Is there a diagnosis for addiction?

The diagnosis of drug addiction (substance use disorder) requires a thorough evaluation and often includes evaluation by a psychiatrist, psychologist, or licensed alcohol and drug counselor. Blood, urine, or other laboratory tests are used to evaluate drug use, but they are not a diagnostic test for addiction. Addiction is a chronic condition that is difficult to diagnose and treat. While the signs may be clear, the diagnosis is first based on the person with an addiction or those close to them recognizing and wanting to address the problem.

What Defines Substance Use Disorder? The Diagnostic and Statistical Manual of Mental Disorders (DSM), which is the official text on which diagnoses are based, contains criteria for substance use disorders and other mental health problems. The latest version of the DSM, known as DSM-5, presents some significant changes to the list of substance use disorders and the criteria that must be met to diagnose them. These 13 principles of effective drug addiction treatment were developed on the basis of three decades of scientific research. Research shows that treatment can help people who are addicted to stop using drugs, avoid relapses and successfully recover their lives.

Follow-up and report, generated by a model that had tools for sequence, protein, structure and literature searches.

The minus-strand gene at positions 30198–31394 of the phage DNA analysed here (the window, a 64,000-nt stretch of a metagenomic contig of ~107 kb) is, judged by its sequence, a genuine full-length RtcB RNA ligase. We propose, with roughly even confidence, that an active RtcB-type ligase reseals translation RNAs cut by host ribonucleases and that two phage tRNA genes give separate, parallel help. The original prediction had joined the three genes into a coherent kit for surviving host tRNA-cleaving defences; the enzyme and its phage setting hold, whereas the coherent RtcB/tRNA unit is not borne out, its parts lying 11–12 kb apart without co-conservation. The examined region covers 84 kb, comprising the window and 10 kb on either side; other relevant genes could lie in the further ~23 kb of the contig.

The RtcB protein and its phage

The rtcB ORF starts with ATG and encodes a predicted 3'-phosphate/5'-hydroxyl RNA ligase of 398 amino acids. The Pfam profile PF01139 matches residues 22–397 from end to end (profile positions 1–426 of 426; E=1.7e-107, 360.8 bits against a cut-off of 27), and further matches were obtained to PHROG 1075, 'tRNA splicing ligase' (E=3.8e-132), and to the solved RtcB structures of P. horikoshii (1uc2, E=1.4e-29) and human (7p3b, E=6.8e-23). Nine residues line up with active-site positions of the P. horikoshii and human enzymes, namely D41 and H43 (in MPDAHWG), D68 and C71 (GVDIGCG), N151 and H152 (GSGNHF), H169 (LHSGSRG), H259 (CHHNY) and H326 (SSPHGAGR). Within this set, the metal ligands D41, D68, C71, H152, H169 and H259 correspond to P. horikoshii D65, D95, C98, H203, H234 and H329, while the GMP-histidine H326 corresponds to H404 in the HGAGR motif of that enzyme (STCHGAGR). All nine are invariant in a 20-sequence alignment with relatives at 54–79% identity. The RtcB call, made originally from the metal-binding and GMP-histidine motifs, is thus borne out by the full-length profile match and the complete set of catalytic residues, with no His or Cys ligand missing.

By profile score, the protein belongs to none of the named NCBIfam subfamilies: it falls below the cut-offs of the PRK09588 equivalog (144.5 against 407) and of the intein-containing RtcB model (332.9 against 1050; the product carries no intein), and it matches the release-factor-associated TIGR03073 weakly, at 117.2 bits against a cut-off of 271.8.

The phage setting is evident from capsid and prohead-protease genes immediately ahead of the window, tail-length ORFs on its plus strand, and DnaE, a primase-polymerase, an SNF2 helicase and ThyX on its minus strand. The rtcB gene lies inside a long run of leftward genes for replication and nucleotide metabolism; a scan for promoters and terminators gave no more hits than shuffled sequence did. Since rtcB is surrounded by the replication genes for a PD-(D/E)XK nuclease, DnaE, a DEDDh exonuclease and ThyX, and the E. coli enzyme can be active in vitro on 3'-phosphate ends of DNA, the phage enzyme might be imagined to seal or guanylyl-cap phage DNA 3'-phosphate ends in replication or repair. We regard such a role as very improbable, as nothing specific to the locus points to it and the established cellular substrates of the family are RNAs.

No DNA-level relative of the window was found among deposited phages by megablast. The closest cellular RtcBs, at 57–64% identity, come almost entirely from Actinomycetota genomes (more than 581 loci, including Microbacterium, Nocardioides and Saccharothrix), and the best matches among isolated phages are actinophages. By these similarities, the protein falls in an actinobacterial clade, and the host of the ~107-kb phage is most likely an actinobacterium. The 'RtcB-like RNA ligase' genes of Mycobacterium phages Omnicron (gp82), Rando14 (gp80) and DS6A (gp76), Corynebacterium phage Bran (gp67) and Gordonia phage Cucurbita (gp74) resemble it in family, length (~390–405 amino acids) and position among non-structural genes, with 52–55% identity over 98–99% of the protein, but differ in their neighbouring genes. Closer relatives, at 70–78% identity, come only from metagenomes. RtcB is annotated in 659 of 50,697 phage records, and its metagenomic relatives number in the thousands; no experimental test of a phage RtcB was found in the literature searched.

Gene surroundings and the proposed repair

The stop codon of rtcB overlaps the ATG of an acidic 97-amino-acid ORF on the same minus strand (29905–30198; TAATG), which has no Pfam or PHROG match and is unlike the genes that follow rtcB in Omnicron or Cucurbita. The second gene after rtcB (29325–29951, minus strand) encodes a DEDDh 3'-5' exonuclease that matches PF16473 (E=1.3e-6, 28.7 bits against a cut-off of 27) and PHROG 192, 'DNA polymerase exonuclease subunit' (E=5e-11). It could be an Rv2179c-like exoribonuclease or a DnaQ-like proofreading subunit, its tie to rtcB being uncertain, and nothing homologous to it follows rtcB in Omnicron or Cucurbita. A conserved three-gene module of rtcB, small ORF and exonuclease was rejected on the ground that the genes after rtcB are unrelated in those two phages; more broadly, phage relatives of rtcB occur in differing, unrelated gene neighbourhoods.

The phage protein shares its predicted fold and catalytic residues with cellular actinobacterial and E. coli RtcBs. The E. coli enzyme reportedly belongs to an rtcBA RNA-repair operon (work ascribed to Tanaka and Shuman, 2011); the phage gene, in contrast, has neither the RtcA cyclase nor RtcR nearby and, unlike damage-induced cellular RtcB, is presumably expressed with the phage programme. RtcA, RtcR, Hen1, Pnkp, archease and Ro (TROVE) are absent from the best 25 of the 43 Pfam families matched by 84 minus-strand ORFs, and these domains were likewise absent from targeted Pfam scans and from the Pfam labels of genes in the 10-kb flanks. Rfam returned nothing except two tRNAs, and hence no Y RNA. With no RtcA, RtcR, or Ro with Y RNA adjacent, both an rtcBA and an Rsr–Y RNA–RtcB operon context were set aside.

Patients entering treatment for psychiatric illnesses should be screened for substance use disorders and vice versa. However, accurate diagnosis is complicated by similarities between drug-related symptoms, such as withdrawal, and those of potentially comorbid mental disorders. Therefore, when people who use drugs enter treatment, it may be necessary to observe them after a period of abstinence to distinguish between the effects of substance intoxication or withdrawal and the symptoms of comorbid mental disorders. This practice results in more accurate diagnoses and allows for better targeted treatment, 80,81. The first step in diagnosis is based on a friend, family member or the person with addiction recognizing the need for treatment.

Jennie Hovey
Jennie Hovey

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